Woolstoncraft, Saith, That Tho: Case told him at a particular time there was a great smell of Brimstone, hee replied, bee was afraid Case was going that way.

Another time, that David Jennings fell downe, as if dead, and Case undertooke to bring him to life tho: Wandall was also pr'sent the same time.

Jennings formerly one of the Congregacon relates that hee was as it were, smitten dead at the time Spoken of by ye Lord, as hee thinks.

Hee Saith, when hee was one of them, hee did at first, Shake of his owne accord, but afterwards it tooke him, at unaware, when others did the like.

Hee Confesses that Case hath Preached to him seurall times.

Mr Cornell Saith, hee hath w'th drawne several from their ffamilyes, particularly one Edward Banbury of Mad-Nans Neck who neglected his ffamily, so that hee and his ffamily, were ready to Starve.

That one of Cases Crew pr'tended to have the gift of Languages at times.

Thomas Wandall Saith, that there was a meeting at his House, for 14 dayes together, and Keepes many poore People from their ffamilyes and businesse.

In particular Cleares wife and Applebyes wife (the woman Committed on Saturday).

-- James Way & Tho: Morrell, 1/2 Quakers Declares upon Oath --

James Way, Saith, that about a yeare & halfe agoe Tho: Case told him hee was God, But afterwards hee said hee was of God, and so must hee bee, or bee of the Devill.

Morrell, Relates Cases Catechising of a woman beginning, who made thee &c,

He saith the same as James Way about God.

William Wyat, Saith, that going once to heare Tho: Case preach, hee heard him say, that when hee should dye, hee should rise againe the third day.

Tho: Case being asked the truth of this, saith, It was reveled to him, that hee should rise againe, Wyat Saith That Case pronounced Judgm't against him.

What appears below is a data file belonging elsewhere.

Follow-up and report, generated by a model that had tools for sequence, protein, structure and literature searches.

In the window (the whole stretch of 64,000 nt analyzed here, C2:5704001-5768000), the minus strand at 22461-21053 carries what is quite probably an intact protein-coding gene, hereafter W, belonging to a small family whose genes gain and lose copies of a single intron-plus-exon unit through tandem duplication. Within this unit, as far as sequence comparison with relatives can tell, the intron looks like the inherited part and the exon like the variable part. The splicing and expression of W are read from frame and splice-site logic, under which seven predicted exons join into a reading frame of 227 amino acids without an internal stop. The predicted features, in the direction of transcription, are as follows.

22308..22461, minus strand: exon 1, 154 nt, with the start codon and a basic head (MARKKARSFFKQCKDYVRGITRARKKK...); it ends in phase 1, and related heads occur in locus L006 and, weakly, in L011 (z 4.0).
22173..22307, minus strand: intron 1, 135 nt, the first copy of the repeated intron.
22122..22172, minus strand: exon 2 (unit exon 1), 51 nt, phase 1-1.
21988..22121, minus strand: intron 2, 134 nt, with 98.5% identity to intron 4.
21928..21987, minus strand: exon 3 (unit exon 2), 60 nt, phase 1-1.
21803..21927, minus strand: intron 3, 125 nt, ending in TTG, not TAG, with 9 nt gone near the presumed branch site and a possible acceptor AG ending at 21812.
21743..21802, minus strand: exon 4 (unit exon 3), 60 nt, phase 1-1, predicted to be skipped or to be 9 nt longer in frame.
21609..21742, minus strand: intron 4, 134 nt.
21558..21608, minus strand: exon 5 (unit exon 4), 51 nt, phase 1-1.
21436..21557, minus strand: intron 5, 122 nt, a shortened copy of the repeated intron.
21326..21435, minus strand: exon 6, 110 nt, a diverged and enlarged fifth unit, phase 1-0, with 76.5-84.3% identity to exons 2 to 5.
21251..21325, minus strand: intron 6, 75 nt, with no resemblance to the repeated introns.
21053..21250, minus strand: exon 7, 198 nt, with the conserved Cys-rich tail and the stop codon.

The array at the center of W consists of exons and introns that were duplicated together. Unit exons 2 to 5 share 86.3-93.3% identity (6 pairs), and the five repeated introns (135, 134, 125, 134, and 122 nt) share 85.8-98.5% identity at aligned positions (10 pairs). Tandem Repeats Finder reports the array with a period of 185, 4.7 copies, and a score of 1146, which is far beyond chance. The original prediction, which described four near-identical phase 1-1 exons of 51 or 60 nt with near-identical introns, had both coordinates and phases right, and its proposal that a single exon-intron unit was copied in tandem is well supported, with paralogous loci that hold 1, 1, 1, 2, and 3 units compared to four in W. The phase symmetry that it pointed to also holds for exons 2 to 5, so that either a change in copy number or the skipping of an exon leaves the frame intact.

-- Annual report of the State Historian of New York, Vol. 3 (Wynkoop, Hallenbeck Crawford Co., State Printers, 1898)
[17] Thomas continued to reside in Newtown as is evidenced by a Last Will and Testament of April 25, 1694 (See Dr. John Stewart Timeline. Here is the text of the bequests to Mary Case:
Abstracts of Wills Vol I 1665-1707, page 53: Page 211.--JOHN GRAVES, Newtown. "I, John Graves, of Newtown, alias Middleborough, upon Long Island, being sicke and weake." Leaves to his father, Wm. Graves, all houses and land, and makes him executor. "If my sister Hannah or her children survive my father, then the same to go to her or her children." Legacies to Mary, wife of Thomas Case, Mary, wife of John Scudder, and Elizabeth, wife of John Alburtus of said town. Dated July 11, 1679. Witnesses, David Vickree, Mary Scudder.

Abstracts of Wills Vol I 1665-1707, page 53: Page 212.--WM. GRAVES, Newtown. Leaves legacies to Abigail, Mary, Hannah and Rebecca, the daughters of Joseph Phillips, of said town, all under age. Also to Joan Madock, widow to David Vickree, "now in the house with me." To Nicholas Elder, Mary Case, wife of Thomas Case, Mary Scudder, wife of John Scudder. Leaves to his daughter, Hannah Graves, six acres of upland next to the old house in Newtown. Also a cove of meadow near my creeke, and to extend from a certain white oak tree down the said creek to Captain John Coe's creek. Leaves all rest of land and goods to "the little children of my daughter Hannah Graves," and to "my grandchild, Abigail Dibble, now living in Connecticutt." Makes daughter Hannah executor, and Mr. Robert Field, Sr., and Lieut. Gershom Moore executors in trust. Leaves to Mr. Robert Field "my best suit of clothes, and to Lieut. Gershom Moore my beaver hatt, my pipe and my boots which were my son John's, and to George Wood, Sr., my cloak." Dated July 13, 1679. Witnesses, Thomas Eshrington, Nicholas Eades.

-- Abstracts of wills on file in the Surrogate's office: city of New York, Surrogate's Court (New York County), Prerogative Court, in Collections of the New-York Historical Society, Volume 25, 1892 (Printed for the Society, 1893)
[18] This is stated in an article entitled "Quakers on Long Island" which celebrated the 200th anniversary of Matinecock Friends Meeting, Brooklyn Daily Eagle, September 20, 1923.

1 comment:

inner_child said...

Thank you so much for your informative posting. Thomas Case is believed to be in my family, an uncle many times removed. His brothers William and John Case were noted Puritans of Simsbury, which I have speculated may have bought him some tolerance from the authorities in Maspeth / Newtown.
Paula